VODepths: What to See (and Avoid) on Demand This Week

From the free, ad-supported expanse of Tubi to the curated streaming service of arthouse theater Metrograph, this week’s low-profile VOD offerings include a George Romero rip-off, a Hurley family fiasco, and a would-be Oscar contender from the Netherlands.

Strictly Confidential (VOD and select theaters April 5): It takes a special kind of son to write and direct a movie featuring his mother in cleavage-baring dresses, engaged in steamy makeout sessions with a much younger actress. Potential Oedipal issues aside, Damian Hurley’s debut feature is a dismal, suspense-free thriller, full of vapid characters spouting inane dialogue. Set on the islands of Saint Kitts and Nevis and shot like a promotional tourism video, Strictly Confidential stars Hurley’s mother Elizabeth as Lily, who’s invited the friends of her late daughter Rebecca (Lauren McQueen) for a weeklong getaway on the one-year anniversary of Rebecca’s supposed death by drowning. Everyone is keeping dark secrets, and Rebecca’s best friend Mia (Georgia Lock) is determined to discover the truth. That leads to the world’s most obvious, overused twist, along with several laughable sub-twists that take the movie into the realm of cheesy nighttime soaps. The characters lounge around in incongruously fancy outfits, like they’re modeling for a catalog, and even the sex scenes are overly posed and lifeless. Grade: D

Festival of the Living Dead (Tubi April 5): The public domain status of George Romero’s Night of the Living Dead has led to numerous unofficial sequels, remakes, and spinoffs, most of them worthless. Indie horror mainstays Jen and Sylvia Soska start out with an intriguing idea in their bootleg sequel, integrating scenes from the original movie along with actual historical footage during an opening montage. That helps sell the idea that the 1968 zombie attack was a real-life tragedy, treated with the same mix of solemnity and exploitation as something like 9/11. What follows, though, is an entirely generic, forgettable zombie movie set at a music festival, with only cursory ties to Romero’s classic (the festival allegedly commemorates the attack). The Soskas do their best to stage a zombie-themed Coachella on a Tubi budget, but the action remains thin and repetitive, with annoying characters who make dumb decisions. Rather than directly engaging with Romero’s legacy, the movie plunders it for cheap thrills, trading innovation for tiresome imitation. Grade: C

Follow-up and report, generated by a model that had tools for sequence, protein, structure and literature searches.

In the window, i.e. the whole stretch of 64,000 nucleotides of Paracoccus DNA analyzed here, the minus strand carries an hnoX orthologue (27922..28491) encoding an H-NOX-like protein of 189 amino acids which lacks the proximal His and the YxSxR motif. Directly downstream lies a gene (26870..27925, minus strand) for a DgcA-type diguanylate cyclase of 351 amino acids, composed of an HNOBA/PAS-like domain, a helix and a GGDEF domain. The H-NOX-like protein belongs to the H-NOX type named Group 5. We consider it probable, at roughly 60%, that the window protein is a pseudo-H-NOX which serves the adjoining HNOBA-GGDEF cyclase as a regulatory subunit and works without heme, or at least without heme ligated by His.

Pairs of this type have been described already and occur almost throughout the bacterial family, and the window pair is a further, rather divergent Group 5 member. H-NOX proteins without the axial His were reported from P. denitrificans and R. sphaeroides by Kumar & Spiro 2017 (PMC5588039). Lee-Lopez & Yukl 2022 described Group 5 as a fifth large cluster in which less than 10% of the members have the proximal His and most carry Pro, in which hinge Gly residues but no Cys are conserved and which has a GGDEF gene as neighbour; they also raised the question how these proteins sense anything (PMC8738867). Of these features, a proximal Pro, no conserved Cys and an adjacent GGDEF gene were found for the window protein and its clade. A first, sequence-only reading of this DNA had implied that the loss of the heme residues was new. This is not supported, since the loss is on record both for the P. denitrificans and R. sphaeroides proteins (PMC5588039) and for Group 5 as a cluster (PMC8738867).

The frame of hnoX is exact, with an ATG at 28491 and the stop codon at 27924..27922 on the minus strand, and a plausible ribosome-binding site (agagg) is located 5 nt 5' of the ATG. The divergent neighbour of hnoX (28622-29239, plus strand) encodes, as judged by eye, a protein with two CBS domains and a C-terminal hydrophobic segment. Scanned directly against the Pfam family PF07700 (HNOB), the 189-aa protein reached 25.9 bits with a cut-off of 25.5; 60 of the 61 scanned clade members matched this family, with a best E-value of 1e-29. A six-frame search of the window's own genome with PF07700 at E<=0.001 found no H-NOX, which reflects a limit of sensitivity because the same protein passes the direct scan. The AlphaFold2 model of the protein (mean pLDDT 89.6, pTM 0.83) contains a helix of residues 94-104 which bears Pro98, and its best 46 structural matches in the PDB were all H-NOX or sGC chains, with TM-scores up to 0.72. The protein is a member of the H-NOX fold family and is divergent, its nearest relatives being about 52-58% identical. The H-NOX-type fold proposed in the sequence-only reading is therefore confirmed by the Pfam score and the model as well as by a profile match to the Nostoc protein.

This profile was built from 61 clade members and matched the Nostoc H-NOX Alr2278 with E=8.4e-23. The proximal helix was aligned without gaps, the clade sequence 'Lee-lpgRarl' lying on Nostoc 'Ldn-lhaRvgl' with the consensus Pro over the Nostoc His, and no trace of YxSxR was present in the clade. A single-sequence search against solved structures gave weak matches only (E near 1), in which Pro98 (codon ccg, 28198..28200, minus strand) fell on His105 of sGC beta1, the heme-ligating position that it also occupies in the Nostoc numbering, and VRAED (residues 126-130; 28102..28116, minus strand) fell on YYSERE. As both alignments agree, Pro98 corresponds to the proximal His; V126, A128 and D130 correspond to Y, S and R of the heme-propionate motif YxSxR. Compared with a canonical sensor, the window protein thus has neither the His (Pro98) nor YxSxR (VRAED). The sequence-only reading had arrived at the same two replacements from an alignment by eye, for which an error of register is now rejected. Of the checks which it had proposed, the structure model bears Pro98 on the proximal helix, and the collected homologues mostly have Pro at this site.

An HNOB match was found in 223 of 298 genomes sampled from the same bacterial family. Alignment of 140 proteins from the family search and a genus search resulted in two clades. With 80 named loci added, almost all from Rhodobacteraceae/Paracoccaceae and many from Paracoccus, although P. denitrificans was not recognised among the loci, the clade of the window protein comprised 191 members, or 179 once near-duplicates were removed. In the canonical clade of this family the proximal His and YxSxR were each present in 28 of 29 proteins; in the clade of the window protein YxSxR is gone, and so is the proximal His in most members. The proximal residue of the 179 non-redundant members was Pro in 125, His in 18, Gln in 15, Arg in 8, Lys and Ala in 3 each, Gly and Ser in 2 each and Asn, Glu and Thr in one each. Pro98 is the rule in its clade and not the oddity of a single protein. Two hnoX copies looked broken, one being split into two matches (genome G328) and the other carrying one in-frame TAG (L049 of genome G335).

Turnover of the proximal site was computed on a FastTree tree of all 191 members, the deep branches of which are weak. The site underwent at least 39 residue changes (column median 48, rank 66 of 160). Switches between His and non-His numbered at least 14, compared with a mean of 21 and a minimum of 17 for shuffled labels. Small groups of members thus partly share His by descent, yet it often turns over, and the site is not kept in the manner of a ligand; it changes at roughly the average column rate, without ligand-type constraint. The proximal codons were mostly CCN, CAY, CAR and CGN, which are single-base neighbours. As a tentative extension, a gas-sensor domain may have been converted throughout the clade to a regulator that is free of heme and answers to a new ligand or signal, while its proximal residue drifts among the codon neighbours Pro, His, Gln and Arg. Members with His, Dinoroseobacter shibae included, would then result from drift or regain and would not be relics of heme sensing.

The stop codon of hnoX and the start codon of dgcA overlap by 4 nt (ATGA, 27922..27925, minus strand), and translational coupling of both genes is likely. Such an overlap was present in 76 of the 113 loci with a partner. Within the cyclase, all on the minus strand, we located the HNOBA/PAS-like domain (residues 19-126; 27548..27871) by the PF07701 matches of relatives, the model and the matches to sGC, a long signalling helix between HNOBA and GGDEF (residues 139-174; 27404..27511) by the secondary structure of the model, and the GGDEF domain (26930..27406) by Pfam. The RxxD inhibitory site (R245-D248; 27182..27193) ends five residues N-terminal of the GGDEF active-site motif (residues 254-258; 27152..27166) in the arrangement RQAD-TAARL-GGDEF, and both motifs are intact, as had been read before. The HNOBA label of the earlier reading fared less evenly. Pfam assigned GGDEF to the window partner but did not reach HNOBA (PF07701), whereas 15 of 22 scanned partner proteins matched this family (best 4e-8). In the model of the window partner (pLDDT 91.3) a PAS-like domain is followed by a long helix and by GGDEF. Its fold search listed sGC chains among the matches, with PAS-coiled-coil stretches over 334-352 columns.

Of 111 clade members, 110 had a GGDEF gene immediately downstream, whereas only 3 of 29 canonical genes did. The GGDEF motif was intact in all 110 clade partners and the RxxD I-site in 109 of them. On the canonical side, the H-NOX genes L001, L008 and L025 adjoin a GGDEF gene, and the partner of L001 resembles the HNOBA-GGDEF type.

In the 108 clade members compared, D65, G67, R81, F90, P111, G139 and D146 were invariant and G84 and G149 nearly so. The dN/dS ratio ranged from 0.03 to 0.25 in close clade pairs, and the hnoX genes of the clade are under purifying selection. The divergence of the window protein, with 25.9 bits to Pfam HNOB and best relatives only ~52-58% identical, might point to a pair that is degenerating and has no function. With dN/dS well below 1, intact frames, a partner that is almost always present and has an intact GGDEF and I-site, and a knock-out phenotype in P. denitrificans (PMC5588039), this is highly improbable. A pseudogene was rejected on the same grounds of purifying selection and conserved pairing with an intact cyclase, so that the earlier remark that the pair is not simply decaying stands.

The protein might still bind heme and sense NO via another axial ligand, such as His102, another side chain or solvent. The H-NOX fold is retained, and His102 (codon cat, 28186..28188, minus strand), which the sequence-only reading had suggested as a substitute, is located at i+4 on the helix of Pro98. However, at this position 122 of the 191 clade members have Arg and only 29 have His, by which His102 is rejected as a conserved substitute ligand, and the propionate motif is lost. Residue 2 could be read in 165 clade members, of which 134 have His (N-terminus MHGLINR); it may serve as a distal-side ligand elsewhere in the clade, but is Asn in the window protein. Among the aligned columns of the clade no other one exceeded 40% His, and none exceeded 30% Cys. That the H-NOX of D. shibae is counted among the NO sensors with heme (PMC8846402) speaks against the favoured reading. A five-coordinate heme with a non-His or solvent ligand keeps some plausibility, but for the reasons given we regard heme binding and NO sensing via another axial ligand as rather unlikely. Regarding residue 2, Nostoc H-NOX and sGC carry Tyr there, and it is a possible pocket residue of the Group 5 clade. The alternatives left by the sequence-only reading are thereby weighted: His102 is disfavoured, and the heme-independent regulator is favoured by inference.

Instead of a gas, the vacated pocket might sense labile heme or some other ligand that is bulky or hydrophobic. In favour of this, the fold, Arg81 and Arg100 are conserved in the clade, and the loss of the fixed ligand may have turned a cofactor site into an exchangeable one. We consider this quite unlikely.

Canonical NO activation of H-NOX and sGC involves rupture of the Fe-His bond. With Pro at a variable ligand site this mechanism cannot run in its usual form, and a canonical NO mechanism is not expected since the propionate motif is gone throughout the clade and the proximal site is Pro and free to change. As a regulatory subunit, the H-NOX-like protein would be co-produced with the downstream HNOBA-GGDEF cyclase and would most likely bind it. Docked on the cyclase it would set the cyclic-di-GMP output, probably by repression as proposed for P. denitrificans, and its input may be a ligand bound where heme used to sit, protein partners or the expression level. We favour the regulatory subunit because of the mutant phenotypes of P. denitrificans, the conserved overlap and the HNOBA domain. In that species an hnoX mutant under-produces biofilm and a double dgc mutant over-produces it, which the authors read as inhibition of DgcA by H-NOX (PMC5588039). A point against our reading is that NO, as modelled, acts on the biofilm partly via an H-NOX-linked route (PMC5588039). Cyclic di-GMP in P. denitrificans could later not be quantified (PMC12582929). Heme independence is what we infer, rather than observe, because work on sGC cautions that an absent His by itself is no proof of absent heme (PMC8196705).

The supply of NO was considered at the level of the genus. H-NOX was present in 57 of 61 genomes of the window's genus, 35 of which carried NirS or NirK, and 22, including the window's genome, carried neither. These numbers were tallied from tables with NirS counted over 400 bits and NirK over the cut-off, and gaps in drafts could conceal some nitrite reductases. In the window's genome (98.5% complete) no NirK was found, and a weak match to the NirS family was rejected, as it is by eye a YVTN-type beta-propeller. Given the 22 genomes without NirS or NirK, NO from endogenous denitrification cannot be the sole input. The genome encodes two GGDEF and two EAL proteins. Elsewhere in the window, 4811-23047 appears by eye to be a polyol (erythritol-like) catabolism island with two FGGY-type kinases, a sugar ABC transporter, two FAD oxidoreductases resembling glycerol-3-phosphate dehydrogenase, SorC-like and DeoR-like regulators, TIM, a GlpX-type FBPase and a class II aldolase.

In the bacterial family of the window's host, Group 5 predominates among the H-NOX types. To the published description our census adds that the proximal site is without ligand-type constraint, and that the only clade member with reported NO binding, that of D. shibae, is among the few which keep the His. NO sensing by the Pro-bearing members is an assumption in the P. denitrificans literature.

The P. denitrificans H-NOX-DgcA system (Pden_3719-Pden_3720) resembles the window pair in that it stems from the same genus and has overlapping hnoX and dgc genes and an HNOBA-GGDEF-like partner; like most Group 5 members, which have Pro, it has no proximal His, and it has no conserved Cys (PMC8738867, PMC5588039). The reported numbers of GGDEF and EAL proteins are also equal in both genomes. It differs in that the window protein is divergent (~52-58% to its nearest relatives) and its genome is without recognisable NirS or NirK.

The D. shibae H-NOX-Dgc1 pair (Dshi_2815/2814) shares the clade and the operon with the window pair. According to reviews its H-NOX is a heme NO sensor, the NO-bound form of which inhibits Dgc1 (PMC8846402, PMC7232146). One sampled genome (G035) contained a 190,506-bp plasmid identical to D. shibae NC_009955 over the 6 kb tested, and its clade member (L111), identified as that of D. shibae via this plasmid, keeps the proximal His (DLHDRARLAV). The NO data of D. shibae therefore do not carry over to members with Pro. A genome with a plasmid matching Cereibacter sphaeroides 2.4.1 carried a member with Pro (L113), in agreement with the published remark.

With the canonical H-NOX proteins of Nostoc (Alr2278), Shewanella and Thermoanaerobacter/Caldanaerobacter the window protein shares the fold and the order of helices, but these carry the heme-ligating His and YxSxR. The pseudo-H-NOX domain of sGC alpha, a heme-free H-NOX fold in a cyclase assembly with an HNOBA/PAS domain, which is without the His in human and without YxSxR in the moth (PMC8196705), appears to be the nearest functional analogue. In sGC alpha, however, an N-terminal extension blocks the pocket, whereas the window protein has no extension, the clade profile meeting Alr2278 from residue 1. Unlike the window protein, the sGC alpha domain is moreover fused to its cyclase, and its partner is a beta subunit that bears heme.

The Wild (VOD April 9): There are so many double- and triple-crosses in this interminable, convoluted Korean crime thriller that it’s impossible to keep track of who’s betraying whom, let alone care about the outcome. Director Kim Bong-han starts with a fairly basic set-up, as former boxer Song Woo-cheol (Park Sung-woong) is released from prison after serving seven years for accidentally killing an opponent in the ring. Woo-cheol tells his old friend Jang Do-sik (Oh Dae-hwan) that he just wants to live a quiet life, but he’s immediately drawn back into Do-sik’s criminal empire, thanks to his affection for prostitute Choi Myeong-joo (Seo Ji-hye). Many, many overwrought plot developments follow, ultimately converging on a drug deal between Do-sik and a gang of North Korean defectors. Park conveys Woo-cheol’s quiet decency and honor, but there’s no chemistry in the central romance, and no sense of tragic inevitability to the confusing, violence-filled climax. Lots of people get stabbed, but none of it makes any impact. Grade: C